Kolkata has for the longest time resisted digital options, as TNPS regulars will know, but this year has been welcome exception and while there’s much more that could have been done with this hybrid event, 2022 will surely mark a watershed moment for not just Kolkata but all southern India book fairs.
India’s book fair calendar is finally back on track after endless Covid-induced postponements and cancellations, with the latest numbers rolling in coming from the usually annual Chennai Book fair, organised by the Booksellers and Publishers Association of South India (BAPASI).
The 18-day event attracted eager crowds of booklovers, with 15 lakh (1.5 million) footfall recorded, and 12 crore rupees (R120 million – about USD 1.6 million) in sales, improving on last year’s watered down event that attracted only 1 million visitors, but not setting any records for Chennai, let alone India, where 2 million visitor events were in pre-Covid times commonplace.
BAPASI reported that the regular Rs 75 lakh ($98,000) government subsidy for the event was this year raised to Rs 125 lakh ($164,000) to enable a reliable event for publishers recovering from Covid-induced losses.
Per the Indian Express BAPASI has pitched to the government to increase the frequency of the Chennai Book Fair and were optimistic the government would concur.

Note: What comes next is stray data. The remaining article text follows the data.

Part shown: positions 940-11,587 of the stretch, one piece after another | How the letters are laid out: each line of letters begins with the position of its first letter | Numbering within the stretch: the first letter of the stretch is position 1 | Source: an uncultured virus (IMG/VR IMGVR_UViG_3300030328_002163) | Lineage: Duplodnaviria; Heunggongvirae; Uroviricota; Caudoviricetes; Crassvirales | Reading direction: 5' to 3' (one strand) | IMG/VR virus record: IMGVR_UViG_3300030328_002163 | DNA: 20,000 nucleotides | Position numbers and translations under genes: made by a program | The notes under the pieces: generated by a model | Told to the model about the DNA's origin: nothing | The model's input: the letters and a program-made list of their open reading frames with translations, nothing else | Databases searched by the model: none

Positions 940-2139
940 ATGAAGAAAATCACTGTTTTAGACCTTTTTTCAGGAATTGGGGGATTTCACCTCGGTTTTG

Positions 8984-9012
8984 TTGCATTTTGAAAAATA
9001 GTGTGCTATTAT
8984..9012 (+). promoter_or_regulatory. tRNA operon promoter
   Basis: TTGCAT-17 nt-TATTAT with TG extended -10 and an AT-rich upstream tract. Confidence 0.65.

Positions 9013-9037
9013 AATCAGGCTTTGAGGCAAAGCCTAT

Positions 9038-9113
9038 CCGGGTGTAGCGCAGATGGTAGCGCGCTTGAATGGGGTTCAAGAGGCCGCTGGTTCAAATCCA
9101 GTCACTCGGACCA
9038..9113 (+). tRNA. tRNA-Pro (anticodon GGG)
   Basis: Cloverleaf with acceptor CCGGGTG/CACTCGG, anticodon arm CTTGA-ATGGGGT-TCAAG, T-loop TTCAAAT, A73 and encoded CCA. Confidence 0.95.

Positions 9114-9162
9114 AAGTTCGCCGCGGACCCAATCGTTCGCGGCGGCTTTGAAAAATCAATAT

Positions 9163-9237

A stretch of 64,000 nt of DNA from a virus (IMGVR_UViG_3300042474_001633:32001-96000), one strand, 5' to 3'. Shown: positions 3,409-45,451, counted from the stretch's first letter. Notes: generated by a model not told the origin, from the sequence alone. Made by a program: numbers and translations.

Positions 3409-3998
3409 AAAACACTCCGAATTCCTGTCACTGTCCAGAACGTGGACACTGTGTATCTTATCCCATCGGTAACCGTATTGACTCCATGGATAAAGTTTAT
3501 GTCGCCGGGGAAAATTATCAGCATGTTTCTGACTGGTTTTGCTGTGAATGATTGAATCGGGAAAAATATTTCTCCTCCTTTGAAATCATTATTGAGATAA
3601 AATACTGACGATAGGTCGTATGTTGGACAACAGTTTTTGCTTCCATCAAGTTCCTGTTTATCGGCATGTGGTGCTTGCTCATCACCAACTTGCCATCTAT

Meanwhile it is reported Kolkata’s New Town Book Fair will have two editions this year, with the regular December event to take place in, unsurprisingly, December, while the 2021 event that was postponed from this past December has just finished in February.
The first 2022 edition, despite a subdued Covid-impacted turnout, sold books worth Rs 33 lakh (USD 43,000). Volume has not been reported but given the typical price for books in India, and given the numbers we have from Chennai, we can safely say a lot of books were sold.
Meanwhile the big sister Kolkata International Book Fair, still happening, has been seeing over one hundred thousand visitors each day since it opened.
Running until March 13 for 14 days total, the average 100,000 daily footfall puts Kolkata on target to see 1.4 million visitors this year, but we can reasonably expect the final weekend tally to soar especially as the Kolkata Literature Festival takes place within the Kolkata fair this weekend, and take Kolkata’s final count above that of Chennai and likely close to the typical 2 million or more visitors expected in pre-Covid-times. In 2020, just before the Pandemic reached India, footfall of 2.4 million was recorded.
Kolkata has for the longest time resisted digital options, as TNPS regulars will know –
but this year has been welcome exception and while there’s much more that could have been done with this hybrid event, 2022 will surely mark a watershed moment for not just Kolkata but all southern India book fairs – a topic I’ll return to here at TNPS soon if the West African internet gods will let me.